Thomas Cook's collapse 'big blow' to Goa tourism1 min read . Updated: 23 Sep 2019, 03:46 PM IST
- Thomas Cook has been operating for the last 25-30 years in Goa
- British tourists rank second in the list of international arrivals in Goa, after Russians
Panaji: The collapse of Thomas Cook, one of the oldest tourist travel companies in the world, will be a "big, big blow" to the tourism industry in Goa, president of the Travel and Tourism Association of Goa Savio Messias said on Monday.
The head of the travel and tourism industry association in Goa, a state where nearly 1.48 lakh British tourists landed on holiday in 2018, also said, that flights chartered by the UK-based Thomas Cook ferried nearly 2,000 tourists every week to Goa, during the tourism season from October to March.
"Thomas Cook is a very reputed company, bringing in British tourists. British tourists are loved by the local Goans and the hotel industry. Thomas Cook has been operating for the last 25-30 years in Goa. And losing out on Thomas Cook is a big, big blow to the industry," Messias said.
"Last year, they were getting around 2,000 passengers per week. On an average, a passenger stays for around 14 days, sometimes 21 days and sometimes seven days also. If you count the number of room nights, it is very, very large," Messias also said.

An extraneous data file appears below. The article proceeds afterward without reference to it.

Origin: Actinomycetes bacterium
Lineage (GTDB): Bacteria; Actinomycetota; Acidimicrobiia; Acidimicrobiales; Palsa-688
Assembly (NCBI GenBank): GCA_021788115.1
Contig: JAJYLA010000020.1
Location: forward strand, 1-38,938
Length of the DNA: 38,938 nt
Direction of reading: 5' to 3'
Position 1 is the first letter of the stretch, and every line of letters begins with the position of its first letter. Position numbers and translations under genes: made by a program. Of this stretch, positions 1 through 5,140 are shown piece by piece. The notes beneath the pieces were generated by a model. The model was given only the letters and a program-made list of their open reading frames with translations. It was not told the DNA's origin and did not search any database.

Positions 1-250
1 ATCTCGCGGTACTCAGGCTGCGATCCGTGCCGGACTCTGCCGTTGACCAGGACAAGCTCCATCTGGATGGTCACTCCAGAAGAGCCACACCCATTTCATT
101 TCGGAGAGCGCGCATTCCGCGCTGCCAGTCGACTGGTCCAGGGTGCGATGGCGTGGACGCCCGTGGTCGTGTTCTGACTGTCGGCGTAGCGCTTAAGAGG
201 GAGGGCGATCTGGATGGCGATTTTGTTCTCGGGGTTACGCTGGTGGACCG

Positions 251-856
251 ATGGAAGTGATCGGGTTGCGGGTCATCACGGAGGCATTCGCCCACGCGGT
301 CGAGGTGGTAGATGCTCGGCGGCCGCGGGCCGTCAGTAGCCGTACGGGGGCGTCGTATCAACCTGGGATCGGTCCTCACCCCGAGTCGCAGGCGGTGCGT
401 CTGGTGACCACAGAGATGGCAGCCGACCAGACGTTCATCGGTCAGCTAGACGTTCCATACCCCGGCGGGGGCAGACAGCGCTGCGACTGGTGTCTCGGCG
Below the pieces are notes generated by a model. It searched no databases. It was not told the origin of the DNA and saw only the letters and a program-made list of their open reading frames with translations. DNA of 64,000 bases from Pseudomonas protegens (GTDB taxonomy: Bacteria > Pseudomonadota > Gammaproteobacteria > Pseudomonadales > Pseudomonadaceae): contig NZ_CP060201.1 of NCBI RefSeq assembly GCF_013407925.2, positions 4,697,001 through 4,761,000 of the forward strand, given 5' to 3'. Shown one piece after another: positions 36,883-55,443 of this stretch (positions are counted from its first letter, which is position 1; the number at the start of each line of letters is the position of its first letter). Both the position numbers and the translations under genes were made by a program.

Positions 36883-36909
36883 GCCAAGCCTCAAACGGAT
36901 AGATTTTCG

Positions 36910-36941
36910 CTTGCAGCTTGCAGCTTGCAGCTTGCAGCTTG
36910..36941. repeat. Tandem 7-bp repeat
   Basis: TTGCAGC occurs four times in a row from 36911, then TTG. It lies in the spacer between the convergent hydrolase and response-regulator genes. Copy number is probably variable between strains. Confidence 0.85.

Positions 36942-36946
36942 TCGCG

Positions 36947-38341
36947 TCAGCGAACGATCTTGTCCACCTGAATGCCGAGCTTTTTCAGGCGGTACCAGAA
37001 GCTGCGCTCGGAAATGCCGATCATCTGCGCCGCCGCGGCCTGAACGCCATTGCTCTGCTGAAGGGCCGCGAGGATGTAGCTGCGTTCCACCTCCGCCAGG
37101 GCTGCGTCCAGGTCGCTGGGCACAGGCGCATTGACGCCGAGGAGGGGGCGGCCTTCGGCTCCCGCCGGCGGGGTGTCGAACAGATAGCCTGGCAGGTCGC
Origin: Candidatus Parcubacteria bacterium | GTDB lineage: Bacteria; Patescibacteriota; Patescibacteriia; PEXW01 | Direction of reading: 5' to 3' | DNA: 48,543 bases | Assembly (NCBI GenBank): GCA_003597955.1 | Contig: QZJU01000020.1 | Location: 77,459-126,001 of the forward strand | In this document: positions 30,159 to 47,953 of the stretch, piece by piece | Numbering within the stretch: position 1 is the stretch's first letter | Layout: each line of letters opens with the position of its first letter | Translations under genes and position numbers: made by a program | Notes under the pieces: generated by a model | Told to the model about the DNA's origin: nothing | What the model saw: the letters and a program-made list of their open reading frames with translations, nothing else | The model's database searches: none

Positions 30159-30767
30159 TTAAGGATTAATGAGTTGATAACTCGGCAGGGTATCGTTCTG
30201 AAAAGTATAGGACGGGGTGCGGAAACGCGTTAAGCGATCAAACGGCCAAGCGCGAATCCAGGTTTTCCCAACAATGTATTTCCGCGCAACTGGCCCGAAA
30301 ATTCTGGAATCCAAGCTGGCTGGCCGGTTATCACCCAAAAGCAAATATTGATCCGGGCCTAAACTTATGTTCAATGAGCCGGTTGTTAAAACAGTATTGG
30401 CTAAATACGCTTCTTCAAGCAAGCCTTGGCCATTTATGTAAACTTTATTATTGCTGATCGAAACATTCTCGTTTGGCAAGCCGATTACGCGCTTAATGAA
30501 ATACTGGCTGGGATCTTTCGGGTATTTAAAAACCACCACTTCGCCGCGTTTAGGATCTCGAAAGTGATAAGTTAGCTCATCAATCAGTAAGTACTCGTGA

British tourists rank second in the list of international arrivals in Goa, after Russians.
Goa has been a traditional winter vacation for Europeans, especially from Russia and UK, who arrive in the coastal state to beat the freezing cold winters in their countries.
Several hotels, according to Messias, were likely to face hardship in Goa, because they were entirely dependent on Thomas Cook for filling up their accommodation.
"Many hotels were depending entirely on Thomas Cook and they had built up a very good rapport. Repeat clients were coming back to the same hotels. It was a very good business which we are going to miss," Messias said.
The reports of the collapse of the 178-year-old travel company come on the heel of dipping international tourist arrivals numbers over the last two years.
This story has been published from a wire agency feed without modifications to the text. Only the headline has been changed.
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